The ball follows the curvature of spacetime; since the curvature is oriented towards the centre of mass, that is where the ball will tend to move towards.What makes the ball fall? the curvature they show in pictures shows space i bent in the opposite direction
No, they are pretty good analogies. Bear in mind that the analogy only extends to the surface of the balloon, not its interior; once this is understood it is immediately obvious that such a surface does not have a centre point.So all the analogies with a balloon they make in cosmology are fake?
There is no such analogy that I am aware of.then the analogy between the Universe and a star/ black hole does not apply
It is not the same metric. The former is described by the Schwarzschild metric, whereas the latter is described by the RobertsonWalker metric. Most cosmological solutions are based on a (3+1)dimensional manifold which contains a matter distribution, like for example dust. That is not the same as a star.How can the same metric apply to a sphere with matter inside an a univerce with no matter at the center?
Hi logic. You have asked some interesting questions.
Regarding this one:
Are you thinking that the waves are responsible for gravitational attraction? If so, that is not the case. A planet, for example, has a static gravitational field that causes things to fall towards it. Gravitational waves are "disturbances in the force" caused by dynamic systems like two orbiting neutrons stars, etc. There would still be an overall attractive force but with "ripples" superimposed on it.
Just to add to Markus's explanation, it is worth noting that all analogies are, well, analogies. They are approximations; just "stories" to try and help understand the more complex reality. They are always limited in their scope and, in general, cannot be used to derive further results.
It is worth noting that pretty much everything you read in popular science books and articles is an analogy. That includes descriptions of big bang cosmology and the nature of black holes.
Edit: http://xkcd.com/895/
Last edited by Strange; January 12th, 2013 at 07:33 AM.
Show me just one prediction that sgr makes in the universe, just a single one!
god save him! special general relativity ! sgr!
Which is an abbreviation that is not used outside of your posts. You may verify that this is the case by launching a google search with search terms "sgr relativity a*" (the latter exclusion eliminates many spurious hits).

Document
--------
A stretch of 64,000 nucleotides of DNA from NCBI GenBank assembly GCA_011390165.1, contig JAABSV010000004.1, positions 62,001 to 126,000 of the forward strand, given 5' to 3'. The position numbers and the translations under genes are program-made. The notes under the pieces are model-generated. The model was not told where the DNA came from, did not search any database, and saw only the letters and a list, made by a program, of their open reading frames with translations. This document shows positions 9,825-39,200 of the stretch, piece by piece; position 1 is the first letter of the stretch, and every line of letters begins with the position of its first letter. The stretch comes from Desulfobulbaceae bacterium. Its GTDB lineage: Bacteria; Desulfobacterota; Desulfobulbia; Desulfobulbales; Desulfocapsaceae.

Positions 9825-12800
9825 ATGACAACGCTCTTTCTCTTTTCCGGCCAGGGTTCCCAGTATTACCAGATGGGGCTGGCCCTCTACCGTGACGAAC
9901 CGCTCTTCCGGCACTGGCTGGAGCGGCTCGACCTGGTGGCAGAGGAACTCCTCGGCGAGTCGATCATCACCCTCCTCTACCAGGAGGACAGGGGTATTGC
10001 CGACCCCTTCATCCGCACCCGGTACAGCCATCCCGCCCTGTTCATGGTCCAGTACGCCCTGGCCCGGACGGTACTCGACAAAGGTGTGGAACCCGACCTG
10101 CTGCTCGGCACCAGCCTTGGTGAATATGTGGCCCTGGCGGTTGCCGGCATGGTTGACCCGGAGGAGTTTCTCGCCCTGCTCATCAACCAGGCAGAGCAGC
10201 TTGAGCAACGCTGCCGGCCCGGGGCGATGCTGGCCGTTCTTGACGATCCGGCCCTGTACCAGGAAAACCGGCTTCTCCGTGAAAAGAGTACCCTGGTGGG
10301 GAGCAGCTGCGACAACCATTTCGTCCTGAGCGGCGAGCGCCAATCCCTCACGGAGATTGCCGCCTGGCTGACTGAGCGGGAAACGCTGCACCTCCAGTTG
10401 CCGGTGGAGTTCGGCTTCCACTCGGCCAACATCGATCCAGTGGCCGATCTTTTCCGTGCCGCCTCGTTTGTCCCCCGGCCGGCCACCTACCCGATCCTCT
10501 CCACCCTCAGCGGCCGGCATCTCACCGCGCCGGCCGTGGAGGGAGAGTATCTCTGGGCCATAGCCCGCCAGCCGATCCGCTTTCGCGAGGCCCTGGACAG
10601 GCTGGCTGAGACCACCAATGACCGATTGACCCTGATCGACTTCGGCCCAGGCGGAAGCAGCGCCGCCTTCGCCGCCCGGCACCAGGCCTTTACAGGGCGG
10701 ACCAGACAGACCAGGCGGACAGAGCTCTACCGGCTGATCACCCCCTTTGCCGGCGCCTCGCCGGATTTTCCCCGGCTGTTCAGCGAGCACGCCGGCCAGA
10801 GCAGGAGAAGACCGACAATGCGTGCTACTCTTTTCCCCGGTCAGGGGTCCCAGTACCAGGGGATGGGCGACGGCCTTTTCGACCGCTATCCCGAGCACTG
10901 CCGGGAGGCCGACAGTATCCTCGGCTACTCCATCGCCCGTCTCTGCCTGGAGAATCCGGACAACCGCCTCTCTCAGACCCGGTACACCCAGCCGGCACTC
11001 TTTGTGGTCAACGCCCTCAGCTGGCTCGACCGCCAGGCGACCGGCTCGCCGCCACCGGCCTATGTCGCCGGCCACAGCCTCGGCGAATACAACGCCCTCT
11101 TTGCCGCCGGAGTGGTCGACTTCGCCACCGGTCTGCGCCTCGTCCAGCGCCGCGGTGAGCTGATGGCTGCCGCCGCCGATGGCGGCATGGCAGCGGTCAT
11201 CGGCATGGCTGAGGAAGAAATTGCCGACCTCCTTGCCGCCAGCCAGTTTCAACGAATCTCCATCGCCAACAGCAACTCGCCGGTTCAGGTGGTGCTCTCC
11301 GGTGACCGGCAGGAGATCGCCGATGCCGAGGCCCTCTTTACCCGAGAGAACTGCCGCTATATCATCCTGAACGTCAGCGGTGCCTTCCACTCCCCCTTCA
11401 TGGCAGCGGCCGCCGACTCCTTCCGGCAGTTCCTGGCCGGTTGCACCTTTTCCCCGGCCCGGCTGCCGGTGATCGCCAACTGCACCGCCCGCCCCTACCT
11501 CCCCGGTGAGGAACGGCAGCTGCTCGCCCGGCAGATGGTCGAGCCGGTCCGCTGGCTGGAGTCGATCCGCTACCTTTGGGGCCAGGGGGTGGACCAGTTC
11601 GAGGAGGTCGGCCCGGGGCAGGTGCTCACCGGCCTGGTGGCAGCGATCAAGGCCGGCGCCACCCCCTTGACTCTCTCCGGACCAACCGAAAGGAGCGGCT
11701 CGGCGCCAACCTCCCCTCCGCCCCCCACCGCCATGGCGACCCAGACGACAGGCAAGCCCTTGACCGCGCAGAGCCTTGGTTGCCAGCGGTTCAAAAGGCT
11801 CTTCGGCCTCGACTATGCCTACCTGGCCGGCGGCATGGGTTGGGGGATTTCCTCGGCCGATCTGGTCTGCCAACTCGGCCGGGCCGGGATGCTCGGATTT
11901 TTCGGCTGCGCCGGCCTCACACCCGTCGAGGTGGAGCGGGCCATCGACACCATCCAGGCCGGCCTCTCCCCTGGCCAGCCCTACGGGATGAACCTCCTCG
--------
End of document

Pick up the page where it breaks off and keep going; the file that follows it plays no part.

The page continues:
The absence of hits is not surprising: There is no such thing as "special general relativity." There's general relativity (abbreviated GR) and special relativity (SR). I've never encountered "sgr" in any textbook or paper. You're making this up, showing once again your lack of knowledge of the subject.
Showing the lack of illusion of knowledge, the lack of delusion. INDEED!!!
I go with data. The data says that you don't know what you're talking about. People who actually use SR and GR in their daily work do not ever use "SGR" as an abbreviation. Your use of it, and your prickly response to being questioned about it, simply reveals you to be an empty poser.
It truly is amazing that Einstein was a drop out and his theory of relativity was incomplete. Physicists today find themselves trying to perfect it and prove it but they only scientist who has been remotely close was Hawking.
Tests of general relativity  Wikipedia, the free encyclopedia
Hawking is good at what he does, but most certainly nowhere alone in working with S.R. and G.R.
Wasn't it Hawking who made Einstein's theory more relevant.
Nor was Einstein a dropout. SR and GR are complete within their realm of applicability.
Hawking can be credited for popularizing certain aspects of theoretical physics. Although he works with Relativity in his own work, he's not expanded on Relativity. He's offered insight into Black Holes and Q.M. And he is one of very, very many that understand and utilize relativity.
Agreed.
Hawking's reputation is largely built on his popular science books.
I.e. because he's had a book that is "recognised" by the public then the public recognise his name.
And go on to make the assumption that because they know his name and not those of others in the field then he must be the "top guy".
AFAIK Hawking is regarded as "good, but certainly not the best, working today" by other physicists.
Not knocking the guy, just pointing out a "common fallacy"  as apparently promoted by sciencematters28.
Hi,
I'm trying to follow your derivation of the solution. There seems to be a problem with your Cristoffel symbols..
[QUOTE=Markus Hanke;347669]
Calculating the Christoffel Symbols
The elements of the Christoffel symbols which do not vanish are
First of all, you have both and ...? I get the latter when calculating it.. Second of all, some of the ones you've written do in fact vanish (i think...)..
I don't know if this is affecting the solution, but I can't seem to reproduce your results since I get different elements of the Riccitensor..